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CNN recently profiled a Japanese swordsmith and the ancient, exacting process he follows to craft a katana.

The blades are forged from tamahagane, a steel whose layers contain differing amounts of carbon. Shimojima painstakingly heats, softens and then folds the steel in order to remove impurities and even out the carbon content.

​“A single layer becomes two layers, then two become four, four become eight and so on,” he explains. ​“By folding 15 times, over 32,000 layers are produced. However, it does not mean that the more layers, the better. There’s of course a limit, and if you exceed the limit you lose … the strength required to serve as a sword.“

Next, the sword is shaped — although it begins completely straight. As the steel is hardened through a process of repeated heating and cooling (known as yaki-ire), the differing densities in the blade’s structure create its signature curve.

​“In the space of 10 minutes, we heat up the blade to about 800 degrees centigrade and rapidly cool it down in water,” Shimojima says. ​“It seems like a simple process. However… it’s a matter of making a split-second judgment.”

I’ve long been fascinated by Japanese swords. They’re really quite beautiful in their aesthetics, simplicity, and utility.

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Men of Iron

Howard Pyle’s Men of Iron: A Fanciful Coming of Age Story in the Middle Ages

A rousing, strongly principled adventure story that I would’ve loved to read back in 5th grade (but I still enjoyed it as an adult).
Oct 17, 2018
Mary and the Witch's Flower

Studio Ponoc’s Mary and the Witch’s Flower Carries on Studio Ghibli’s Delightful Legacy

Mary and the Witch’s Flower could easily be mistaken for a classic Studio Ghibli film, and that’s not a bad thing.
Oct 7, 2018
The Endless

The Endless by Justin Benson, Aaron Moorhead

While frequently billed as a horror movie, that term actually undersells this movie.
Sep 27, 2018
Double Negative

Low Tear Their Music Apart on Double Negative, with Stunning Results

Some of the most challenging music of Low’s career, but also some of the most daring, intriguing, and rewarding.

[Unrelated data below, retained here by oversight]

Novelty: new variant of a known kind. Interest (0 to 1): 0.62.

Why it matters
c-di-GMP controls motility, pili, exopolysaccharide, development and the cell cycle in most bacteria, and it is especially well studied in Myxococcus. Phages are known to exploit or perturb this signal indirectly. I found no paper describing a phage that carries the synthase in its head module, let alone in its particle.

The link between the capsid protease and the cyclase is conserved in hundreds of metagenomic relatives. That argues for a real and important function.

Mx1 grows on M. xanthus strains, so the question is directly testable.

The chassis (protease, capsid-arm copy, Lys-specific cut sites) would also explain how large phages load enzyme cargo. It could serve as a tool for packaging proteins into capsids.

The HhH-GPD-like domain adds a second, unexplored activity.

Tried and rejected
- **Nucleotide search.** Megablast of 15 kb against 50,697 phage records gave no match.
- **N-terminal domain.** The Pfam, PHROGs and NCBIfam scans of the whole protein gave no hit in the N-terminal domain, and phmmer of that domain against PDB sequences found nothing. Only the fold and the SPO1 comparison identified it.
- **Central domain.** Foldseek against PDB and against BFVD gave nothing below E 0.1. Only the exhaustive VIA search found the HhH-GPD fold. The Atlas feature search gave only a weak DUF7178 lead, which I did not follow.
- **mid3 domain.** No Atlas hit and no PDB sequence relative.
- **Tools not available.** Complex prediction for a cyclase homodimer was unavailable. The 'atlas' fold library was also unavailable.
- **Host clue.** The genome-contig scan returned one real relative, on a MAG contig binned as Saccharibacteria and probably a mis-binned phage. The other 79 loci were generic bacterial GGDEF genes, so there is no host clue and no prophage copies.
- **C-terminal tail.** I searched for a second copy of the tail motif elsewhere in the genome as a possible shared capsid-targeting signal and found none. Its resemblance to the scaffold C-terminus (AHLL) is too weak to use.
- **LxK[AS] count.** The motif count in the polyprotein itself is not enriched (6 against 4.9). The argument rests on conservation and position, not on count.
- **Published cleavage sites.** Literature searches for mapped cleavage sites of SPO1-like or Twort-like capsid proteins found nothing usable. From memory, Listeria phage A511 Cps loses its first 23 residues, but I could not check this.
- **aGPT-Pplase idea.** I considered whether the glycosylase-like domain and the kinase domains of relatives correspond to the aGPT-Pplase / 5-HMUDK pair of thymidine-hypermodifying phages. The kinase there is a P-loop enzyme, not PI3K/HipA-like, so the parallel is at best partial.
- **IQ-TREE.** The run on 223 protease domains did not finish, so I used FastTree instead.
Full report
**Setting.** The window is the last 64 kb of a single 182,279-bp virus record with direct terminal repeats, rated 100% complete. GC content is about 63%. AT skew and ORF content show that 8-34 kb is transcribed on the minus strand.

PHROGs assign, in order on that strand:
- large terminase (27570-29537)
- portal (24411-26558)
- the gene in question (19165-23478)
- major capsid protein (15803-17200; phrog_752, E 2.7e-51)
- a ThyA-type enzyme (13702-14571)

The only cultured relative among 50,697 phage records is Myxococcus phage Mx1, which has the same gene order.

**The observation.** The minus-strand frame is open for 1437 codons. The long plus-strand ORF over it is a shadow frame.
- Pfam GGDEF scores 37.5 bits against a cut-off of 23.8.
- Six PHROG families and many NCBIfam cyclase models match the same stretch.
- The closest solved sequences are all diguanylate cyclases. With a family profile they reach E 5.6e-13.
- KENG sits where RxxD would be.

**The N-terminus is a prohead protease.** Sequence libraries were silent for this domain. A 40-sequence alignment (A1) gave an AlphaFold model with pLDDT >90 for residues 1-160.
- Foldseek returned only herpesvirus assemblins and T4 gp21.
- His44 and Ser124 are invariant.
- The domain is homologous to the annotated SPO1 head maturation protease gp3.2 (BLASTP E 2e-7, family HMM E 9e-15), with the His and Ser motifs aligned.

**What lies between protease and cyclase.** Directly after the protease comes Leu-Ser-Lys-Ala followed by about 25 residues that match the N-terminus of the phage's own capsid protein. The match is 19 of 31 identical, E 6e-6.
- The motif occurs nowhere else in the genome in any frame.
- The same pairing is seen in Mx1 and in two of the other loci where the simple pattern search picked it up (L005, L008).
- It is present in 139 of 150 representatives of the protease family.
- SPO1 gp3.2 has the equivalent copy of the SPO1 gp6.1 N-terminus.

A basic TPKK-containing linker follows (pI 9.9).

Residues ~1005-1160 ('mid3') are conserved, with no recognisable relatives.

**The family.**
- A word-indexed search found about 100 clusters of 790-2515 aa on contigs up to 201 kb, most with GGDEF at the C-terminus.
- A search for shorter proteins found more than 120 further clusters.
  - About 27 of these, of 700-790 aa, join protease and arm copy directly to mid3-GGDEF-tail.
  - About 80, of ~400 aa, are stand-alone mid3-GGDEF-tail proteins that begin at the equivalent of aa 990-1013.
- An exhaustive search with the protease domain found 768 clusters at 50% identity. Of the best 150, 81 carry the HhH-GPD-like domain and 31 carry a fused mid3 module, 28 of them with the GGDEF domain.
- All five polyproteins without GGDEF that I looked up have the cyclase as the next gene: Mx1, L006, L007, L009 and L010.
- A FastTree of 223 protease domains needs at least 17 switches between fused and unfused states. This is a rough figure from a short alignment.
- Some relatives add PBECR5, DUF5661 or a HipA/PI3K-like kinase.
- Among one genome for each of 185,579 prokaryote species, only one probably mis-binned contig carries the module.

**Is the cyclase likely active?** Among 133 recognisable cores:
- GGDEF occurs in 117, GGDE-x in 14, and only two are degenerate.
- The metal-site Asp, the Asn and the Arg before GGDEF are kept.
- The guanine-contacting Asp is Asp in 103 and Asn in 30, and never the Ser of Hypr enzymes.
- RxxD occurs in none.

Sep 23, 2018
The Chairman

Ogre’s Chairman OST Captivates with Ominous, Haunting Synth Arrangements

The album’s blurred washes of ambience conjure a sense of growing dread — but there’s beauty to be heard, as well.
Aug 31, 2018

The Thirteenth Doctor

Jodie Whittaker, The Thirteenth Doctor

I finally caught the first two episodes of Doctor Whos new season, and already I like Jodie Whittaker’s Doctor way more than Peter Capaldi’s. The Twelfth Doctor always felt rather arrogant and mean-spirited. But Whittaker’s Thirteenth Doctor (so far) recaptures some of the quirkiness and humaneness that characterized Matt Smith and David Tennant’s Doctors.

I do find that Doctor Who is at its best when it balances the quirky and whimsical with the melancholy. So hopefully, we’ll see the new Doctor eventually face something nice and traumatic. (The second episode, ​“The Ghost Monument,” has some hints in that direction.)

I also like the new companions, who feel pretty normal and ordinary (as opposed to Clara Oswald and Amy Pond, both of whom had extraordinary backstories). Of course, this being Doctor Who, that could all change by season’s end, but so far, it’s nice to see some completely average and just plain decent folks traveling with the Doctor.

Finally, I thought the season première, ​“The Woman Who Fell to Earth,” was especially engaging. It moved at a good clip, and despite not having any big twists or turns, still felt pretty suspenseful. (Special kudos to Segun Akinola’s atmospheric incidental music.) That being said, the subplot about the brother searching for his abducted sister felt a bit tacked on (though perhaps it was there to introduce some elements that’ll be fleshed out later in the season concerning the Stenza and their activities).

Capaldi’s Doctor left me feeling pretty cool towards Doctor Who, such that I essentially ignored the last season. But Jodie Whittaker has brought back some of the joie de vivre, and it already feels more like the Doctor Who I knew and loved.

Men of Iron

Howard Pyle’s Men of Iron: A Fanciful Coming of Age Story in the Middle Ages (Review)

A rousing, strongly principled adventure story that I would’ve loved to read back in 5th grade (but I still enjoyed it as an adult).
Oct 17, 2018

Back in 2011, Joe Cornish wrote and directed Attack the Block, a fun alien invasion movie set in a rundown London apartment complex that should’ve received a whole lot more attention than it did. Afterwards, Cornish seemed to disappear (though he did co-write Ant-Man and was apparently in the running to direct Star Trek Beyond.)

He’s now returned with The Kid Who Would Be King, a modern take on the King Arthur legend in which a young boy discovers Excalibur, and must raise an army to fight an impending invasion of monsters led by the evil sorceress Morgana (Rebecca Ferguson). Oh… and it stars Patrick Stewart as Merlin the Magician.

I’ll be honest: if this didn’t have Joe Cornish’s name attached to it, I’d probably file it away as something to maybe watch with my kids when it hits Netflix or Redbox. But because Cornish is behind this, my expectations are definitely higher. With Attack the Block, Cornish put some fresh, interesting twists on the alien invasion genre, and maybe he’s done the same here to the children’s fantasy genre.